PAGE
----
One effect that takes place during analog or digital signal transmission is mutual interference amongst the wires of the bus. That is to say, regardless of the fact that a dielectric material separates the channels from one another, the signal in one wire of the bus will influence the signal in each of its nearest neighbour channels. As for the effect on the second-nearest neighbouring channels, this is considerably less significant (since it generally decreases per the cube of the distance), although it may in some cases be noticeable.

As a result of mutual interference, the signal travelling along a given individual wire of the bus will become corrupted. Such an effect may be even more pronounced due to signal degradation resulting from the distance travelled by the signal from its source, in addition to the mutual interference effect. Of course, a signal that arrives in a state where it is either below the noise floor or corrupted under the strong influence of the signal in a neighbouring channel will cause a degradation in the performance of the circuit as a whole.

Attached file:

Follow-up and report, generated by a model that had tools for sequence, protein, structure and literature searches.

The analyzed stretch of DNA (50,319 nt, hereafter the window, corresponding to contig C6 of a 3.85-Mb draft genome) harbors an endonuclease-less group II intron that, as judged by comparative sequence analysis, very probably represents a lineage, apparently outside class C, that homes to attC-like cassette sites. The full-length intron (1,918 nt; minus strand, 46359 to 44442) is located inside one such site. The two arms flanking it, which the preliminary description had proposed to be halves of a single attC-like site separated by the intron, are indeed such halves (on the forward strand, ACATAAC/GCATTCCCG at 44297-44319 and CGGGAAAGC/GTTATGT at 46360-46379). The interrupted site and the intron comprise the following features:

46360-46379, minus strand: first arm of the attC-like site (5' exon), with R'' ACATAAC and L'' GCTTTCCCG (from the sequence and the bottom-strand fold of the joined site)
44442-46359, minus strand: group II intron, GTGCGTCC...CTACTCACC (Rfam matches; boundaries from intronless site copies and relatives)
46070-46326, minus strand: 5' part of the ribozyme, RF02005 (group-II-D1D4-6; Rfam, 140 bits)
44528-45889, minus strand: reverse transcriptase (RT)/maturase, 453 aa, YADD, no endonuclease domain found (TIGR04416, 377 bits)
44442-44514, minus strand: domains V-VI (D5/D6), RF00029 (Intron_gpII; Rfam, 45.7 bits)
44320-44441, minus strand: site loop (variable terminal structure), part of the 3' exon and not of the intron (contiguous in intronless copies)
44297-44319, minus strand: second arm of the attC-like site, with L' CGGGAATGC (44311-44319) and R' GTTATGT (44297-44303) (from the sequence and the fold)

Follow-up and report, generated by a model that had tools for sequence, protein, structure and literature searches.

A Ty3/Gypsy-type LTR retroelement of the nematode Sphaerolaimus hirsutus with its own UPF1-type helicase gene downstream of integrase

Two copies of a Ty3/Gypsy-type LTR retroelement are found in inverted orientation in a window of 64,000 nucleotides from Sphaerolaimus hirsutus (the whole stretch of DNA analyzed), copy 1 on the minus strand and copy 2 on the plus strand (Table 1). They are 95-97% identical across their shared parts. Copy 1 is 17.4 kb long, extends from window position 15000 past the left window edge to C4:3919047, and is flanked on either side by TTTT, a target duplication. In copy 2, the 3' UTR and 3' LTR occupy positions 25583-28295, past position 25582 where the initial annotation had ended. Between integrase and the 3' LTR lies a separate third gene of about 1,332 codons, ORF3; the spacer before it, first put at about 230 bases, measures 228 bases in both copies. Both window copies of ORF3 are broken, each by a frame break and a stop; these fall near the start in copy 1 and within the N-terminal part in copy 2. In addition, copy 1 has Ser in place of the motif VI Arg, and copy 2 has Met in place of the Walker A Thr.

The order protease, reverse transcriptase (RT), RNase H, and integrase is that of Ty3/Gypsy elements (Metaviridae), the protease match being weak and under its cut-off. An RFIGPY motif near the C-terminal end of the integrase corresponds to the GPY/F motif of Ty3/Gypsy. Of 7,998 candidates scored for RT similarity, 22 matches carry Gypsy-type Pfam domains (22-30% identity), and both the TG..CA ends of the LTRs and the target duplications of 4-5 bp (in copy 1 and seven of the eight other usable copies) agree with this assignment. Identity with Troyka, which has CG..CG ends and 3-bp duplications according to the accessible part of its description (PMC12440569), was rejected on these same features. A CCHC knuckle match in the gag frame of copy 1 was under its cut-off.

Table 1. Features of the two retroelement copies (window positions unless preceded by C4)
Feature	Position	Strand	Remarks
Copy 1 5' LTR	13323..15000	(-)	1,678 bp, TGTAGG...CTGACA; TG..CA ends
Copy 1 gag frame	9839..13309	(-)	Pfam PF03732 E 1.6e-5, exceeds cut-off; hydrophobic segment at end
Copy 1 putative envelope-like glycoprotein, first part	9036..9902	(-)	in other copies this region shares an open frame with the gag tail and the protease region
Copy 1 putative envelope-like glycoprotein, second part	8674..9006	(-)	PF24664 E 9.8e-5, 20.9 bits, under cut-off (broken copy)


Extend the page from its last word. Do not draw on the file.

It would therefore be desirable to reduce the mutual interference amongst the wires of a bus. Accordingly, it is known in the art to “braid” the wires by twisting the entire bundle such that across the length of the braid, each wire takes on a continually changing radial component. For the case of two wires, this results in the formation of a “twisted pair”, which is known to reduce cross-talk. However, although this pattern is simple to achieve in the case of flexible cables by a mere twisting motion, it is extremely prohibitive to attain in the case of printed circuit boards and even more so for an integrated circuit. Specifically, such a design would require individual, isolated, intertwined channels to be defined across the length of a substrate. In fact, it would be impossible to manufacture such a pattern by means of standard lithographic techniques employing layers and vias.